With Lynn on a girlie night out, it’s just the three of us attending the Duchess for the second week running, this time to see a mixture of familiar and unfamiliar bands.
First, one of the new ones. The Bitter Image are a four-piece rock band from York. They came across as a bit grungy, a lot heavy, very loud but still melodic. Powerful drumming provided the backbone to songs which also included some very nice guitar pieces and some surprisingly clear vocals (for a rock band at the Duchess). I didn’t catch many song titles, but did note down that the fourth song of the set was a lot slower than the rest, almost ballad-like, with more metallic sounding guitars and that the sixth was a new song. The one title I did get, Forget Me Not, turned out to be, along with the previously mentioned slower number, the best of what was a pretty good set. A band to look out for.
I last saw Dorien Starre back in 2008. Since then, they have won Hive Live (a competition for local bands) in March 2010 and blown Roj’s socks off in November of the same year. Their extended indie rock songs are, quite frankly, superb. Fast paced, with great music and vocals which still remind me a little of The Divine Comedy. Last time out I singled out drummer Andrew Ackroyd for special mention. I still think he is one of the best local drummers around at the moment, but there is no singling out this time as the rest of the band are equally as good. Don’t let the brevity and lack of detail regarding their set fool you – I was simply so enthralled by the music that I forgot to make any notes. Dorien Starre are highly recommended. I just wish I’d picked up a copy of their EP on the night. (Previous comments about EPs notwithstanding…)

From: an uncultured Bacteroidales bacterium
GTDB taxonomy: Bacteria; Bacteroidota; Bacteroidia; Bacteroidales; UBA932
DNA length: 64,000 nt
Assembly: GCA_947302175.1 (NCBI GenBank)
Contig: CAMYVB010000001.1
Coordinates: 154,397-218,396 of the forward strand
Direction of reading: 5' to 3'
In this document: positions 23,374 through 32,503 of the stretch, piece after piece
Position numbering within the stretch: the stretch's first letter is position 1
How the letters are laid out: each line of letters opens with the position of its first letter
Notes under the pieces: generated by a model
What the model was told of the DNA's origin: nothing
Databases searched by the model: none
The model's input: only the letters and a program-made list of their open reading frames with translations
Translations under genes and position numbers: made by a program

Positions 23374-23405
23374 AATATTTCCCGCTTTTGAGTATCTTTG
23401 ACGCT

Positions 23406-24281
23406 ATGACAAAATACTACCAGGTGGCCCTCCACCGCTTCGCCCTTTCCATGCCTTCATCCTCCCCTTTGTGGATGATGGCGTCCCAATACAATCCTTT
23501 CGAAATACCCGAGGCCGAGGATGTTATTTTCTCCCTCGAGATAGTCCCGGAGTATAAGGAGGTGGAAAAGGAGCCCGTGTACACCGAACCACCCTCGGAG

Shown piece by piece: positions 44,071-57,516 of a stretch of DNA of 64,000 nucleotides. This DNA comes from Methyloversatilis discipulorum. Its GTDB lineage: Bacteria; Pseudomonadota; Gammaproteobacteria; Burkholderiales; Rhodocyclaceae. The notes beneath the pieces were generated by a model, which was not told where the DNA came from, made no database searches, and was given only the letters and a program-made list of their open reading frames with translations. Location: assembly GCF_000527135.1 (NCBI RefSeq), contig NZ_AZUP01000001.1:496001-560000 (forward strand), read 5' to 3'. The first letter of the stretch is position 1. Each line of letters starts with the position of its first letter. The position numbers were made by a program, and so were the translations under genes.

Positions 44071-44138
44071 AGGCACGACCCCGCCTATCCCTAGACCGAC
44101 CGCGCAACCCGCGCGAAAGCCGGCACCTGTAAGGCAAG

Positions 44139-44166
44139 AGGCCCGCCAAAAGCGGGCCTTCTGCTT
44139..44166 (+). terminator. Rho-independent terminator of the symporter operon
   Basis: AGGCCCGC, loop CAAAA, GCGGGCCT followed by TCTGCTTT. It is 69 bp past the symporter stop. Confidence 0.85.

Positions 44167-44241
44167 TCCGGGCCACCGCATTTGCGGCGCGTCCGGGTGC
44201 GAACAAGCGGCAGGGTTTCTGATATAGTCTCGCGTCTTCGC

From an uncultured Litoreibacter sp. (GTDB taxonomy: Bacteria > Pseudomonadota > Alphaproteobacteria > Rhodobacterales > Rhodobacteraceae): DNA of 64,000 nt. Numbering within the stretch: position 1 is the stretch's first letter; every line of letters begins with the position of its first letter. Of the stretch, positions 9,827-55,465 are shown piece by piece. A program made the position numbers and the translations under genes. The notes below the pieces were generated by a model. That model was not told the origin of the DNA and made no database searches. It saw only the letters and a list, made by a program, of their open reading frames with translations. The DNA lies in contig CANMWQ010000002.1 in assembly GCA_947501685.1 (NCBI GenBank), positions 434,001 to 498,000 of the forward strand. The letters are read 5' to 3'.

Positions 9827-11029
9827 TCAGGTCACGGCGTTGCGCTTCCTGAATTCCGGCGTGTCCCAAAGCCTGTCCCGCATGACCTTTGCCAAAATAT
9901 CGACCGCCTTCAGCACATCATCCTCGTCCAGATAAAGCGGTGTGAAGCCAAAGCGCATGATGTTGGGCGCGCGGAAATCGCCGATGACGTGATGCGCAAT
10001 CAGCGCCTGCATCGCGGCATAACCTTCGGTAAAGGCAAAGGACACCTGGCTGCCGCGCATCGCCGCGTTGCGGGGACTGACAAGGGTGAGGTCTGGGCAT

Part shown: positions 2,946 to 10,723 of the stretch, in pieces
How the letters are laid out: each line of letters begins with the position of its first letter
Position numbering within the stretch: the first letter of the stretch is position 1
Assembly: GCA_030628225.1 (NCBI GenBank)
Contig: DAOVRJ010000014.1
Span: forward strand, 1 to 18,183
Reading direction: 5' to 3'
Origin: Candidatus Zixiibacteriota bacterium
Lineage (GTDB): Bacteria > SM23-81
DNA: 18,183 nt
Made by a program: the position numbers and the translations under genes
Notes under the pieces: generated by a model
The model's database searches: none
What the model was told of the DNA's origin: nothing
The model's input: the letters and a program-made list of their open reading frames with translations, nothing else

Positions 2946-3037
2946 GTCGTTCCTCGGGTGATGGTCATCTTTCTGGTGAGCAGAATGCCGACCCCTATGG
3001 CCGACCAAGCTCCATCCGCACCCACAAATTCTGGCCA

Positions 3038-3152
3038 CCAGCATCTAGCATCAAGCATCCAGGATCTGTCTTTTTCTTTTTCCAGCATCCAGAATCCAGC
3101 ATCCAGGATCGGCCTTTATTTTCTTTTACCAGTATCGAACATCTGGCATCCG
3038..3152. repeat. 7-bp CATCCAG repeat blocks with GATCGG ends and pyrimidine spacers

It’s not that I had deliberately avoided Glass, tonight’s headliners, but the description of the band from front man Alexander King’s YorkMusicForum signature (“Dark, gripping, post-punk influenced rock”) somehow put me off, despite not actually knowing what it meant. I suspect it was the word “punk” in there that did it – I’ve never been a fan of that particular genre. So, when tonight’s gig was put forward as an option, I asked a friend what sort of music they actually played. “A bit Gothic,” was the somewhat vague response. So, it was a bit of a surprise to see the stage festooned with fairy lights and King himself decked out in vest and trilby, in a very un-Goth way. Next surprise was the lack of instruments on stage – we could hear keyboards, but we couldn’t see any… Shock, horror! A backing track was in use. More to the point, the music was a bit light and airy, at least at the beginning of the set. It got a bit more edgy and heavier as the set went on, but I would struggle to describe it as dark. (Although, in hindsight, I suppose that could be a relative term.) Overall, it was a slick and, for me anyway, enjoyable performance which seemed to mix New Wave and generic rock in a pretty successful way. I even managed to put the backing track to the back of my mind after a while – to begin with you can’t help but wonder how much of what you are hearing is part of the track and how much is being played live but it seemed obvious later on that the band is comprised of some very talented musicians (including another superb drummer in Dan Whiting). Unfortunately, as the backing track seemed to be one long recording, rather than something that was started at the beginning of each song, there was little room left for introducing the songs or other interaction with the crowd. From what I can remember a quick “This is the new single” was all we got. It impressed me enough to buy the band’s debut album, The Sound Of Glass, which I’ve only had the chance to listen through once so far but which does come across as bit darker than tonight’s performance. The concept of the music being transmitted through time from Victorian times via a steam-driven machine, conveyed by text in the CD “case” and by the band’s wonderfully intriguing web-site is original and adds a different dimension to the band as a whole.
I have since found out, via the same friend, that Glass have in the past performed with a keyboard player (Andy Curry is credited on the album) and that King has talked about a change in direction for the band, perhaps more in the use of electronics. On the basis of tonight’s performance and the brief listen to the album I have learned one thing – not to judge a band by a few words of description or an attempt to label it.